But what I want to talk about is something my old boss at Jezebel, Anna Holmes, says in the piece. First, she says that when she founded Jezebel in 2007, she felt there was a real sense of fun and possibility in the women's blogosphere that isn't there anymore. Holmes left Jezebel in 2010 and says that now it "feels like a much more insular, protective, brittle environment than it did before. It's really depressing."

Part of the reason that the fun was sucked out of it, and something Goldberg doesn't get into in her piece, is that there has been a blurring between writing and activism. When I started at Jezebel in 2007, I certainly considered myself a feminist, as did everyone else on staff to my knowledge. But we weren't activists. We were journalists putting out a website. A website with the tagline, "Celebrity, sex, fashion for women. Without airbrushing."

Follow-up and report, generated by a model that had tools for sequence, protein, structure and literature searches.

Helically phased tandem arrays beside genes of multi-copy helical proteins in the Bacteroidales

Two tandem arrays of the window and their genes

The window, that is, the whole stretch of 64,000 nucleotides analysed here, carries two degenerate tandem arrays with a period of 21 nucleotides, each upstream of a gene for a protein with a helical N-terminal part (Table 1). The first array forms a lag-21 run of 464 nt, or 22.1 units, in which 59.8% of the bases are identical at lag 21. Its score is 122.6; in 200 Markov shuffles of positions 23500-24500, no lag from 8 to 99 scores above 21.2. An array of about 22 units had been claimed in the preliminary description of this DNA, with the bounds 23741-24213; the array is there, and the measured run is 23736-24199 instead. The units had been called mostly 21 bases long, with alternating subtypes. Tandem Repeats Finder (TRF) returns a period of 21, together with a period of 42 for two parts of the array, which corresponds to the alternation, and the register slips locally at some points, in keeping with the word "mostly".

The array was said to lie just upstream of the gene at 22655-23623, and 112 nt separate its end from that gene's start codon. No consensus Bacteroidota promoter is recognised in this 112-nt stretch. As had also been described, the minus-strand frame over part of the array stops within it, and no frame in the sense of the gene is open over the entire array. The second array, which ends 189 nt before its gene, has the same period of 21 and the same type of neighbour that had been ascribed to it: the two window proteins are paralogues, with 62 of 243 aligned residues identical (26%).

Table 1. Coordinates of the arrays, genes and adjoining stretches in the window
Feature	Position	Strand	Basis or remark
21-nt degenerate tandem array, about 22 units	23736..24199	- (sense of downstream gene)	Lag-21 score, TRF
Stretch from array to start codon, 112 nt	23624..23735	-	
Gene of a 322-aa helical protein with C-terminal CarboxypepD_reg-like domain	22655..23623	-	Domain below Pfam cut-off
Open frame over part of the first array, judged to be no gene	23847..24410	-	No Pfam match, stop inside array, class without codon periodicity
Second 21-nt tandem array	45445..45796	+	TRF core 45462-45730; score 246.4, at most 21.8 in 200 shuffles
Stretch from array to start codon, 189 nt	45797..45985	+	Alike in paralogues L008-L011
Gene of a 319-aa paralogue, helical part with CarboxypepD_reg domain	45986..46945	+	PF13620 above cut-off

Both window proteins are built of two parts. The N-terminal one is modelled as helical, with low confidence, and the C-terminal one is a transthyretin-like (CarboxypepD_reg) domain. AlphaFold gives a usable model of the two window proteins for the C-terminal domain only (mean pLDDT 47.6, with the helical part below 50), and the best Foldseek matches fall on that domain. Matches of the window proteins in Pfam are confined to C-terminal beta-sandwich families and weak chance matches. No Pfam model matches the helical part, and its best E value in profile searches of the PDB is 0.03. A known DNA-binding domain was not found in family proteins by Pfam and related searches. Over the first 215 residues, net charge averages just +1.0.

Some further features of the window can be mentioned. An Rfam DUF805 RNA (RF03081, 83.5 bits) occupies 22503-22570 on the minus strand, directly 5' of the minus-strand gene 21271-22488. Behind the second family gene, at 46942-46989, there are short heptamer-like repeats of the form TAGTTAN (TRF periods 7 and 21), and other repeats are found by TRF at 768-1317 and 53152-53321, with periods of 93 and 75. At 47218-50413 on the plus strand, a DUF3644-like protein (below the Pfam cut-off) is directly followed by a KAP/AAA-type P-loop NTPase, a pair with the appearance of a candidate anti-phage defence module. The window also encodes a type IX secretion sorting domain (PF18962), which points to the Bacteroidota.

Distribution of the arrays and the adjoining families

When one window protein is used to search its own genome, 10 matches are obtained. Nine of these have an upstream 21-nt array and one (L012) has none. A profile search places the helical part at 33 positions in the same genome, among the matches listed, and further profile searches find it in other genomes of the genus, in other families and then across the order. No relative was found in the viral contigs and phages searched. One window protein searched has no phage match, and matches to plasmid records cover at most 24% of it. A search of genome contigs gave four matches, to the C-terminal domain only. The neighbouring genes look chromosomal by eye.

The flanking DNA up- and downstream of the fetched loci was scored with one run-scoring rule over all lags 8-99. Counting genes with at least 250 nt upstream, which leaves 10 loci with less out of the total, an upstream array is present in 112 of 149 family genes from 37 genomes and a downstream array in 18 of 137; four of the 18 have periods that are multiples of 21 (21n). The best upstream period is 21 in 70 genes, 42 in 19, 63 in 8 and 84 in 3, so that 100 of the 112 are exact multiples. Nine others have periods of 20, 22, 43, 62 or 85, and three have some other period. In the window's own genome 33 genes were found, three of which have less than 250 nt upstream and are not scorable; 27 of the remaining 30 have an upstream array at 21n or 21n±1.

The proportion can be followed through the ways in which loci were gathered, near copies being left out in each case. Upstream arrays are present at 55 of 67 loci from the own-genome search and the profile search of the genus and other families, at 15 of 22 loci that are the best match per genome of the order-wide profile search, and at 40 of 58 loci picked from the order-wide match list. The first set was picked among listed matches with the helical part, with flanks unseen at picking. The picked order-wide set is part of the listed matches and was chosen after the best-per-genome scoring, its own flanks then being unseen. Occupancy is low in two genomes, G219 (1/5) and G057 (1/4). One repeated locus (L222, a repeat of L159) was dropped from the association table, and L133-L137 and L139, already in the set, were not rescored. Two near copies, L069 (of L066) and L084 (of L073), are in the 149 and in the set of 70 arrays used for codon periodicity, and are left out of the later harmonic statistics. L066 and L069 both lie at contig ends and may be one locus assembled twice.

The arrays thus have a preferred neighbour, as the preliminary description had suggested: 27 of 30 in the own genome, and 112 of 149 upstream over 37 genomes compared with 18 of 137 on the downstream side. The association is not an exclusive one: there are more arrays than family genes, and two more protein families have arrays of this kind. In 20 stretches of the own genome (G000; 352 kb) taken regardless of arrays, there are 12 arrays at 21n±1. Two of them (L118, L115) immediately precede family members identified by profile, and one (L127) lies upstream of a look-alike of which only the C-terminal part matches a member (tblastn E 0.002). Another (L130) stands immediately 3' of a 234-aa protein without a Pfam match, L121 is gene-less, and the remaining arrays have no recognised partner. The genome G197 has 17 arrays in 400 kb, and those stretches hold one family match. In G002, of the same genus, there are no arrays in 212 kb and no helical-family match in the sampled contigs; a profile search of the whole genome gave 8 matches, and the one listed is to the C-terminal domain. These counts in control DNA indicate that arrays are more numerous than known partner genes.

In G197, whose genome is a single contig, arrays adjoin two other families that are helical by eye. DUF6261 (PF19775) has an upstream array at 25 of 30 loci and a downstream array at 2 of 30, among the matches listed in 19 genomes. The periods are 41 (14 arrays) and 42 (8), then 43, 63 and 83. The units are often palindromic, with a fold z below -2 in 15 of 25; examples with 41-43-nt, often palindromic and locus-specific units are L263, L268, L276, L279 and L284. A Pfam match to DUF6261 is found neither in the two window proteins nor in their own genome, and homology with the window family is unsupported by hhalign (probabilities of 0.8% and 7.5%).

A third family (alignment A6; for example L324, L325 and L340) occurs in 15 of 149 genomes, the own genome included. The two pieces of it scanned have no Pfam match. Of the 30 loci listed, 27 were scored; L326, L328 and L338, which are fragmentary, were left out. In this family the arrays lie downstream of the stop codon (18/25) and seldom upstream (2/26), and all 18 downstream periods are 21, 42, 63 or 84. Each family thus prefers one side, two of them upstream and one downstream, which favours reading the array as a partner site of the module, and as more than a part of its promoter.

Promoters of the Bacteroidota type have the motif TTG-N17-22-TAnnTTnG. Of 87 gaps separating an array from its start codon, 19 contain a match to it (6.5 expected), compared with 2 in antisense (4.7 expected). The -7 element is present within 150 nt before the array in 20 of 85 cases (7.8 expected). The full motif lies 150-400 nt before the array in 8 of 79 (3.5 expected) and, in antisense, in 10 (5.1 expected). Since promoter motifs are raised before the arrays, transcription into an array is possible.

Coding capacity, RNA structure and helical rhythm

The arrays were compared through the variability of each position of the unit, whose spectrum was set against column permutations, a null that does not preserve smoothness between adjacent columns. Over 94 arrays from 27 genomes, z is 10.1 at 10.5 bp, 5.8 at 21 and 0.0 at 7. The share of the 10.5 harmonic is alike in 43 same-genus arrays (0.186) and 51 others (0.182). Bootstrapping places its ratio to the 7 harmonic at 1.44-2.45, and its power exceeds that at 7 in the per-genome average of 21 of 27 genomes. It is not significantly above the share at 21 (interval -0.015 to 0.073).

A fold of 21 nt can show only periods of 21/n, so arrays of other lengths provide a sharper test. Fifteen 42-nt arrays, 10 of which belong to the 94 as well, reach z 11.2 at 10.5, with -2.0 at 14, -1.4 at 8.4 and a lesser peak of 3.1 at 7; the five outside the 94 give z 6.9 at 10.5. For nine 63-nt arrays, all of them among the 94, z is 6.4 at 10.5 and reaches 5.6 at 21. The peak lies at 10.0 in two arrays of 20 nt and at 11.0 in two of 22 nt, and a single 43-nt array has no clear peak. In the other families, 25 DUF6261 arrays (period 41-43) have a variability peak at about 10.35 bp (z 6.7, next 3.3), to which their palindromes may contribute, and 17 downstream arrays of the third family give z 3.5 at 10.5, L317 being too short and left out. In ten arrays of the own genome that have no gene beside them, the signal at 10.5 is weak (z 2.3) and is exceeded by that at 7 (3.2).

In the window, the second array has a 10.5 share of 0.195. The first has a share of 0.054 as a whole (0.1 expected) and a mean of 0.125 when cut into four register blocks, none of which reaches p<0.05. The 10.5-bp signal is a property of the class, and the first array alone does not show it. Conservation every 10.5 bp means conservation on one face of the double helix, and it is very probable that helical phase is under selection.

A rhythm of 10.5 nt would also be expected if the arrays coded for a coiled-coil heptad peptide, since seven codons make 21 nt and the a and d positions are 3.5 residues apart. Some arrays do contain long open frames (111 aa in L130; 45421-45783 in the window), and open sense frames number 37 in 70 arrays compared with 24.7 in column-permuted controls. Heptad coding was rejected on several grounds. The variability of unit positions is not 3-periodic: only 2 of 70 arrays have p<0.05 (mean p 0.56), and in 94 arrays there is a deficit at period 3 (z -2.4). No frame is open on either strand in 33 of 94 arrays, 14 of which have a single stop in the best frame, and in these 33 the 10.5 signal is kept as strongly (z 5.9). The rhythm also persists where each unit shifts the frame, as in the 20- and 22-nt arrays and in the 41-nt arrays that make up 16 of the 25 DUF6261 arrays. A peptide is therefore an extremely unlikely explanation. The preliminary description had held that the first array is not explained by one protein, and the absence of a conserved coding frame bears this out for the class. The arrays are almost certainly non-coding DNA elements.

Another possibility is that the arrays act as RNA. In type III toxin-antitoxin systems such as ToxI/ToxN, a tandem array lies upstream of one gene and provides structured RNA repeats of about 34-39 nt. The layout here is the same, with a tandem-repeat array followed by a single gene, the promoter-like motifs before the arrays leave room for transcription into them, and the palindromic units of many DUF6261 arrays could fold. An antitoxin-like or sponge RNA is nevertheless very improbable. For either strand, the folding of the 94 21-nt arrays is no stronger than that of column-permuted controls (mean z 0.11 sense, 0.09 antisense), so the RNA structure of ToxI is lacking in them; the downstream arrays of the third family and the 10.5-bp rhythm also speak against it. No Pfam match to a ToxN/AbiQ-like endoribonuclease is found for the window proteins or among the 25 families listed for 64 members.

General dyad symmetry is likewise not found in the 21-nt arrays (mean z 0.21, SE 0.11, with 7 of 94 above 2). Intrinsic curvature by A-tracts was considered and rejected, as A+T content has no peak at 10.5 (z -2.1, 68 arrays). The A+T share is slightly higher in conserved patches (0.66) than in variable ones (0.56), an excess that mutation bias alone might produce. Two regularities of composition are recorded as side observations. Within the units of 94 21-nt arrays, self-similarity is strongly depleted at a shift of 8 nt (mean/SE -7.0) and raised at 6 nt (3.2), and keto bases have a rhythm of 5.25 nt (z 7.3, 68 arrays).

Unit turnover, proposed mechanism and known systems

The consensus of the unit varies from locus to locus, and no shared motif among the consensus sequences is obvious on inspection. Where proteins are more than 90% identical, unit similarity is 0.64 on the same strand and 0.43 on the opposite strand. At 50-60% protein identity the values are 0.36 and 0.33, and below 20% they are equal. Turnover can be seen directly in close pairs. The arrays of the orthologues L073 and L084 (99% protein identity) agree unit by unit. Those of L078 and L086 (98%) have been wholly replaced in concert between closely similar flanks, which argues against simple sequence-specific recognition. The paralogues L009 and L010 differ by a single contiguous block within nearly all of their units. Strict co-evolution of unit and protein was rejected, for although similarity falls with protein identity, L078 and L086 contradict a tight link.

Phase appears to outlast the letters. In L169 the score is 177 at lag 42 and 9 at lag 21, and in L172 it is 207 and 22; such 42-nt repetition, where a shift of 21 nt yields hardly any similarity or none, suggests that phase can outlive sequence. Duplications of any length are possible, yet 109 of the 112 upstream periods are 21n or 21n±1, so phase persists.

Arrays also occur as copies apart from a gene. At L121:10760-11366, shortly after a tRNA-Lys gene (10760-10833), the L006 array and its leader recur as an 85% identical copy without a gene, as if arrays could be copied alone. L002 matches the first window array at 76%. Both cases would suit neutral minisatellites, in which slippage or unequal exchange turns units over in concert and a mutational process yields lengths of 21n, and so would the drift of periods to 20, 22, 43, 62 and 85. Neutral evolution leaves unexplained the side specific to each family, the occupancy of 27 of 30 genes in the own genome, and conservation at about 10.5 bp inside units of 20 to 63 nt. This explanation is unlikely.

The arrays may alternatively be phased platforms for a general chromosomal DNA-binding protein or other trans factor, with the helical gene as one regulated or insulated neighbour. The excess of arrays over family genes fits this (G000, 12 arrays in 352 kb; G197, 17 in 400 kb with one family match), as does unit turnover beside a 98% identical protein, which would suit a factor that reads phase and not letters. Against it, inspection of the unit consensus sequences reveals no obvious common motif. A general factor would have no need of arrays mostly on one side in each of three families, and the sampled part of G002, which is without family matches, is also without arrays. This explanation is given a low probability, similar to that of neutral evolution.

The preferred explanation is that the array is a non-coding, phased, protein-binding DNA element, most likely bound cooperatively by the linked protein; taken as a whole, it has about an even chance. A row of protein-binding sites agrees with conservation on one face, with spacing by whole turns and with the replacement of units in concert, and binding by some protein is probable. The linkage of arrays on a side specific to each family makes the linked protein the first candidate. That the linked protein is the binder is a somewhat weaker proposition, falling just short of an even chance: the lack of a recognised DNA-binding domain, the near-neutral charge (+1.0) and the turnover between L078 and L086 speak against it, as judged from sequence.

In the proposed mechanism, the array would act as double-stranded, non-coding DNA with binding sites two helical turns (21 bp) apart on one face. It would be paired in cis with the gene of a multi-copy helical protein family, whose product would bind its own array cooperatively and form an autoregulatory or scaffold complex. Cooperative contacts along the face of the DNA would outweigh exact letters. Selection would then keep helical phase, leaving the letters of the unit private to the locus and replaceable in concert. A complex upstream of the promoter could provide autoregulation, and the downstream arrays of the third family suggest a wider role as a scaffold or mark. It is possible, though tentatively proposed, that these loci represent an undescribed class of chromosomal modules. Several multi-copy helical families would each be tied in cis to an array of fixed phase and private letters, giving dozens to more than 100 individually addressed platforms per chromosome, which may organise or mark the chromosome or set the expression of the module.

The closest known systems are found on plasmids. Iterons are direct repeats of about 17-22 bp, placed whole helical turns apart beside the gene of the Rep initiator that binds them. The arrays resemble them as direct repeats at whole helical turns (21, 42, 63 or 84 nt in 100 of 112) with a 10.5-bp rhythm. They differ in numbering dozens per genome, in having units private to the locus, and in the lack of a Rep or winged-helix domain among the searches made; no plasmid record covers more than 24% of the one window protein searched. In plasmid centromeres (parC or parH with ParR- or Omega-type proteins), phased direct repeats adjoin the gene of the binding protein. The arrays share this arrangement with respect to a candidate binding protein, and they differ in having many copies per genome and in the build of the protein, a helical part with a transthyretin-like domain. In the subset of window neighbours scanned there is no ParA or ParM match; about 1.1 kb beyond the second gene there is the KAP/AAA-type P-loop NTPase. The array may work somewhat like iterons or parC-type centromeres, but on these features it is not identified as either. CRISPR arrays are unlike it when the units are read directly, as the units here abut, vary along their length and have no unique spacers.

I never had the sense that I was being held accountable to a larger feminist body that was judging my writing as sufficiently or insufficiently on message.

http://www.slate.com/blogs/xx_facto…